Story by Callie Broaddus
On Saturday, June 18th, the Main Street of Warrenton was closed to traffic as more than 1,500 people celebrated Juneteenth — a federal holiday marking the liberation of enslaved Black people in Texas two years after the Emancipation Proclamation was supposed to end slavery in the Confederacy.
“It’s about freedom,” remarked the event’s committee chair, Dr. Tyrone Champion. He gestured to the street, lined with 68 vendors selling African American soul food, clothing, and other wares to a diverse crowd. “Freedom means equality. It means white, black, orange, green, we’re all happy in one place living together, doing the right thing — enjoying life.”
The event featured a rap and spoken word contest and an energizing demonstration by Charlottesville’s Chihamba Dance Troupe at the Fifth Street stage with historical introductions providing context to each event. Crowds stood shoulder-to-shoulder with some spectators setting up chairs well in advance, in anticipation of the performances. Sitting under the shade of a tree with his dog while his 98-year-old mother walked through the street vendors, a federal employee named Bill remarked, “I have an international family, so I wanted to bring them to see the exposure of all the different cultures that revolve around this holiday.”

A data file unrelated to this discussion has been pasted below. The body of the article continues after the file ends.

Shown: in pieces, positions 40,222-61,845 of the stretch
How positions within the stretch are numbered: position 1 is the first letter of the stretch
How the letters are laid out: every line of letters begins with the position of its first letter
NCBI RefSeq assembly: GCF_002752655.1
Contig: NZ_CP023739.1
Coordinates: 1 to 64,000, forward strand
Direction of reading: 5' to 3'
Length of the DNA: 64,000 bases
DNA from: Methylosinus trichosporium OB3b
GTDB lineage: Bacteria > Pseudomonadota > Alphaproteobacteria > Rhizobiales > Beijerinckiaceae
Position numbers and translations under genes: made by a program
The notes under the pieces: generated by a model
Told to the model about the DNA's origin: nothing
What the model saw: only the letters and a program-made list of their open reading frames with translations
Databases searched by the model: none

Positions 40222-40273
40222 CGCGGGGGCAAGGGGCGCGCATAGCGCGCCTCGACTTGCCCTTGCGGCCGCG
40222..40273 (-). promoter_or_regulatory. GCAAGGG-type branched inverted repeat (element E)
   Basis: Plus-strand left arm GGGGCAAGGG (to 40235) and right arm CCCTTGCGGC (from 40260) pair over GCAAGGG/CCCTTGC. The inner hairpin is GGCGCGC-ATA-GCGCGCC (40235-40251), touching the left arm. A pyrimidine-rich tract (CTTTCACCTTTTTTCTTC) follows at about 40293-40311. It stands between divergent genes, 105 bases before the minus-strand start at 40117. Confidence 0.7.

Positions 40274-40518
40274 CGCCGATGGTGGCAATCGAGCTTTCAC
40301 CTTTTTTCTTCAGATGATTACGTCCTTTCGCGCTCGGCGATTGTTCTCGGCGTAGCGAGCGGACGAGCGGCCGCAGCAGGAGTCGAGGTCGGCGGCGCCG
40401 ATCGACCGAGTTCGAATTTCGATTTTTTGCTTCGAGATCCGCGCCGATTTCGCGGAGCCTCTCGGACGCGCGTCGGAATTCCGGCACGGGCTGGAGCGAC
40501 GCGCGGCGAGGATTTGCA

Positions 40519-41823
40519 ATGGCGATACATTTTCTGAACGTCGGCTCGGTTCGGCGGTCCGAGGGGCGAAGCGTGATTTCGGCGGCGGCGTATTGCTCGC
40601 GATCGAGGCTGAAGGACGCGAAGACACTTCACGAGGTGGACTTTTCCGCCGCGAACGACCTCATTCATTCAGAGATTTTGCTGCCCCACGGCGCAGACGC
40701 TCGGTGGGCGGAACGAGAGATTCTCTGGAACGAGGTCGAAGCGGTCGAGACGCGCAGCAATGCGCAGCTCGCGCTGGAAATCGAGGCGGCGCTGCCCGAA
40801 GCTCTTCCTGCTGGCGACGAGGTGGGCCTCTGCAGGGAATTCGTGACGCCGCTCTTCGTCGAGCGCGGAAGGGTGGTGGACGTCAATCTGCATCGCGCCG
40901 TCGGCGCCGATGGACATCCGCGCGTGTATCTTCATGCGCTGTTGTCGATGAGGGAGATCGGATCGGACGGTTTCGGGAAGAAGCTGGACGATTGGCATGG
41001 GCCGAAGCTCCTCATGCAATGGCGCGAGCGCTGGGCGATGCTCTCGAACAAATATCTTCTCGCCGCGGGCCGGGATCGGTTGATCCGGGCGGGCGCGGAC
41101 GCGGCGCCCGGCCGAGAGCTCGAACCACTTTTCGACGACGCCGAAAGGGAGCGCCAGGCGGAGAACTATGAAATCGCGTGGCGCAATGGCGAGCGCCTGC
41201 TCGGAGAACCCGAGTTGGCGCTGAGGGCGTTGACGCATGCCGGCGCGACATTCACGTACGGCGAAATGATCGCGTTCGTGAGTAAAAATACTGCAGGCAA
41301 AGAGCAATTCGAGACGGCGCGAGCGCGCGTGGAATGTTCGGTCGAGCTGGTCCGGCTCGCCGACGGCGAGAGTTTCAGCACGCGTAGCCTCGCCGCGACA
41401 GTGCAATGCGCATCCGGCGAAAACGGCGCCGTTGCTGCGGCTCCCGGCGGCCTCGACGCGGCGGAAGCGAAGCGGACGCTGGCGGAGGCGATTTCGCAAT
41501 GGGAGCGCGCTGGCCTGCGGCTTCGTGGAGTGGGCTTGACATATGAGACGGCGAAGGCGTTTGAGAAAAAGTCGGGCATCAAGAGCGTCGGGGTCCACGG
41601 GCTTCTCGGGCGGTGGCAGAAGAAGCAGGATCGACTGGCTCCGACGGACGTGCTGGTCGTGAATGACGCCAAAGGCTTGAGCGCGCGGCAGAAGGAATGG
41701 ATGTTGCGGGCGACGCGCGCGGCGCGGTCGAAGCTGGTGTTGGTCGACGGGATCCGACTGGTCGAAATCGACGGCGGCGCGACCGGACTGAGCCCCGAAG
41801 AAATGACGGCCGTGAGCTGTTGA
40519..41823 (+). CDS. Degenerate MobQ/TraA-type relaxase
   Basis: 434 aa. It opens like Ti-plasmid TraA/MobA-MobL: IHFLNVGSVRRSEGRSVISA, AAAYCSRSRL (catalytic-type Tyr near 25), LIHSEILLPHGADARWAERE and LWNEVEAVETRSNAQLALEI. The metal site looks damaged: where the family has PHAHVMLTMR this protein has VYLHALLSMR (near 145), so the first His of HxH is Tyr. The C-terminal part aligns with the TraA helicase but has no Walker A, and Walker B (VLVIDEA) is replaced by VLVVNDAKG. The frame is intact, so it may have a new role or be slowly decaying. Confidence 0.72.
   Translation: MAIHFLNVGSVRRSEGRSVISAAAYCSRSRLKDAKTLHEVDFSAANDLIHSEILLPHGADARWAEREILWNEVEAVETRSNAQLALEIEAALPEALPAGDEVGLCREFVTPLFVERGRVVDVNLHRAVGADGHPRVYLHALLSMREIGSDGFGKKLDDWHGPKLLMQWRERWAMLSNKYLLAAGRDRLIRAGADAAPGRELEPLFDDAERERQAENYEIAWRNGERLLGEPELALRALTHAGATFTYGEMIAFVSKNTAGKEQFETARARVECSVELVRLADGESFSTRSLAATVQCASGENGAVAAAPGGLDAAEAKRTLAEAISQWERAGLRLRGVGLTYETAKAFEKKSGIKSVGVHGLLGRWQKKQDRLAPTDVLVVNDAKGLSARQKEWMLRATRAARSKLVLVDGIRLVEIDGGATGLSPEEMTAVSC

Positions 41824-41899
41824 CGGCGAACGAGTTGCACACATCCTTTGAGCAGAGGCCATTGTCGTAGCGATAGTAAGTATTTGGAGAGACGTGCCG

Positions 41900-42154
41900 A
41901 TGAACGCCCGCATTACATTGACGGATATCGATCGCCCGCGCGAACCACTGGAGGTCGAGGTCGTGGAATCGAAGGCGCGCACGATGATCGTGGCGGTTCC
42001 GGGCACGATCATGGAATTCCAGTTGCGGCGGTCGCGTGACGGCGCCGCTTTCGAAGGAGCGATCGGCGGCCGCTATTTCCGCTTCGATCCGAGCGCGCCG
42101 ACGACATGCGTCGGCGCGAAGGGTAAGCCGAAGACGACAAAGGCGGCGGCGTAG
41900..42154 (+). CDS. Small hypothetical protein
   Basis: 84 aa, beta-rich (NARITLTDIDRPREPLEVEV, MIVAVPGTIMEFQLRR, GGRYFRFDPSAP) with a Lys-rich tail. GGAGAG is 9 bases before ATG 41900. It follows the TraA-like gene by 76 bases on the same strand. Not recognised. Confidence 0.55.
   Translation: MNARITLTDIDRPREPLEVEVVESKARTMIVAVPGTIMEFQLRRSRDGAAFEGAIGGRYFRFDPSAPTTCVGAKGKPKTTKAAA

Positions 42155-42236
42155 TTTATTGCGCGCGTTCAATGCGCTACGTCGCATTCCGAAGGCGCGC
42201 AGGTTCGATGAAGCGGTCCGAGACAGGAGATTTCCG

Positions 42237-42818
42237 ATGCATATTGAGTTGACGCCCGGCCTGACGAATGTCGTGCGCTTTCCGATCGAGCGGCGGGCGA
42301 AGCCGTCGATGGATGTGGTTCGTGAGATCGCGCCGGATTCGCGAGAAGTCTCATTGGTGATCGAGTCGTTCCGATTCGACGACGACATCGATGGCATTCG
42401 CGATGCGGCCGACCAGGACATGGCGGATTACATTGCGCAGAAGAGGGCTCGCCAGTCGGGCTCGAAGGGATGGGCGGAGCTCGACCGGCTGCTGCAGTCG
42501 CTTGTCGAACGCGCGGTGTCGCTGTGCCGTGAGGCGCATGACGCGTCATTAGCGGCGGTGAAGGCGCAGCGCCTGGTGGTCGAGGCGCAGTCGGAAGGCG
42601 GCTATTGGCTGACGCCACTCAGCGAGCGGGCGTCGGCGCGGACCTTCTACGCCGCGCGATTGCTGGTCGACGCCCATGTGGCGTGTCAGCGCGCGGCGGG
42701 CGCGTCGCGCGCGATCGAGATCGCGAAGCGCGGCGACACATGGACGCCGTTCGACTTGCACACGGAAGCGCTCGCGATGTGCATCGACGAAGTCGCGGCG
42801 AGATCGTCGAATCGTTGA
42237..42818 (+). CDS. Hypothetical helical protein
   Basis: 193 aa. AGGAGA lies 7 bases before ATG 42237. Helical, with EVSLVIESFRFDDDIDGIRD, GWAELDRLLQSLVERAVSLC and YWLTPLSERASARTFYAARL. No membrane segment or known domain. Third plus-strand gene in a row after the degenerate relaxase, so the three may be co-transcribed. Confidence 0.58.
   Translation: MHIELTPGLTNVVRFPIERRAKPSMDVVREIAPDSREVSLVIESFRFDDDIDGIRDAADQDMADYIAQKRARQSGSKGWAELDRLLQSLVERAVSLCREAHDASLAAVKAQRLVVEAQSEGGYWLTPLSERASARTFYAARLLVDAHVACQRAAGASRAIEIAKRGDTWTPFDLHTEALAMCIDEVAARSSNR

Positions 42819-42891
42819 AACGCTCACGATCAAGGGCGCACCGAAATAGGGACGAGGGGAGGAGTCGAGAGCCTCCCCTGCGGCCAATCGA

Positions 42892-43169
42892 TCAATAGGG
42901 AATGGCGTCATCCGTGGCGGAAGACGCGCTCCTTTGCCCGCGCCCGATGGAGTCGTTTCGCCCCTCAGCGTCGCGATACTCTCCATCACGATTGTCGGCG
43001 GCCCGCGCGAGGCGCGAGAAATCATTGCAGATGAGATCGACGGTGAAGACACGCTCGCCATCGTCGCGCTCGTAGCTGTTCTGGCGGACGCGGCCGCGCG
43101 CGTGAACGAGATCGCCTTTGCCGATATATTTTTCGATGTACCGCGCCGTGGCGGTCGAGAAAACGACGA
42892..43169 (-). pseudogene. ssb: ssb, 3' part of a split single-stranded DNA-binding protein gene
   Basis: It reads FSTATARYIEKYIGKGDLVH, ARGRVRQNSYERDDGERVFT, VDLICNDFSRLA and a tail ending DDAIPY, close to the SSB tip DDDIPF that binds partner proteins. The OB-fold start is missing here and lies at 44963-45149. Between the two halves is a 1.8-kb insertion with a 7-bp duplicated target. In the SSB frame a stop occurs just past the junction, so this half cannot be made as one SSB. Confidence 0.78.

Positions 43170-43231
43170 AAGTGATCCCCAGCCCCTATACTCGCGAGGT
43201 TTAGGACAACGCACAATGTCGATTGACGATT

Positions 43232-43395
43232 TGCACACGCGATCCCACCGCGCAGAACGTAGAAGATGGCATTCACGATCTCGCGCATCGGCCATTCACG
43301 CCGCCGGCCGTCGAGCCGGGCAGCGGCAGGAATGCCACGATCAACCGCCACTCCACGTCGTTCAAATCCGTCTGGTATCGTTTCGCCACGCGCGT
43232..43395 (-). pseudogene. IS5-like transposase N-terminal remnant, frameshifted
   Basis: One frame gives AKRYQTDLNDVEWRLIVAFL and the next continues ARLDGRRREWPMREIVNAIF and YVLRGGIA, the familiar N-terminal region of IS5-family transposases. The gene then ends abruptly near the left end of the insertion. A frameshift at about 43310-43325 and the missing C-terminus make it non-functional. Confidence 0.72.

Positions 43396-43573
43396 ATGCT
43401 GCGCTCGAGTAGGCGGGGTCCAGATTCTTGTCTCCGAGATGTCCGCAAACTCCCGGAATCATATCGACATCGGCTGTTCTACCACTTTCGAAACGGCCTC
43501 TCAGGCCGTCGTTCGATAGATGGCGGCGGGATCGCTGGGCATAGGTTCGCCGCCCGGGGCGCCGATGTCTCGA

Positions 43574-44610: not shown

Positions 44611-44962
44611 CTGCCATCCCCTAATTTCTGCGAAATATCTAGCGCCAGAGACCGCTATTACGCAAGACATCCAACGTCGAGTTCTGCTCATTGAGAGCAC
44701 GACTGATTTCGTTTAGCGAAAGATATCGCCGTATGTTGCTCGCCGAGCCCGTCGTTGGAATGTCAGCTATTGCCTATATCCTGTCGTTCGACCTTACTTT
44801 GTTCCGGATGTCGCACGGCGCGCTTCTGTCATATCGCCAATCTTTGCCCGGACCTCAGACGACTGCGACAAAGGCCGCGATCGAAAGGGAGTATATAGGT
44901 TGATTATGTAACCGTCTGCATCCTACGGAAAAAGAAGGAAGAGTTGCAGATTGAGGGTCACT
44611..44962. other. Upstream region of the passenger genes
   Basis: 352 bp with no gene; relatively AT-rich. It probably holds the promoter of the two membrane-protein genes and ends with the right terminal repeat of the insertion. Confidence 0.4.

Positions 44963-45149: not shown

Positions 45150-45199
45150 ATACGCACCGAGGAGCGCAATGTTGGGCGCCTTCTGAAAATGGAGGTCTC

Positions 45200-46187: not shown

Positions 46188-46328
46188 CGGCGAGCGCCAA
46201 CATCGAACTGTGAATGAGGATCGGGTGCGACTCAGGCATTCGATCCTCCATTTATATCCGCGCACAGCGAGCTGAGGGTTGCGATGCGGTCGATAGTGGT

Meanwhile, up at the Courthouse, two stylists were engaged in a hair braiding contest as three young children ran around the square blowing bubbles. Samontha Opont, whose mother Lottice Keller was one of the volunteers having her hair braided, shared a hopeful sentiment. “I think it’s beautiful,” she said with a smile, “I’ve never seen this many people come out for a social event featuring Black lives and our culture. I’m excited!”
This year’s celebration was scaled up significantly from the 2021 edition which was held at Eva Walker Park with fewer than 15 vendors. If the mood of Saturday’s crowd on Main Street is to be trusted, Warrenton’s Main Street has just seen the first of what will surely become a favorite annual fixture for the town.
The 2nd Annual Juneteenth Celebration was sponsored by the Afro American Historical Association, In A Bein, The Fauquier NAACP, and View Tree Lodge No. 142.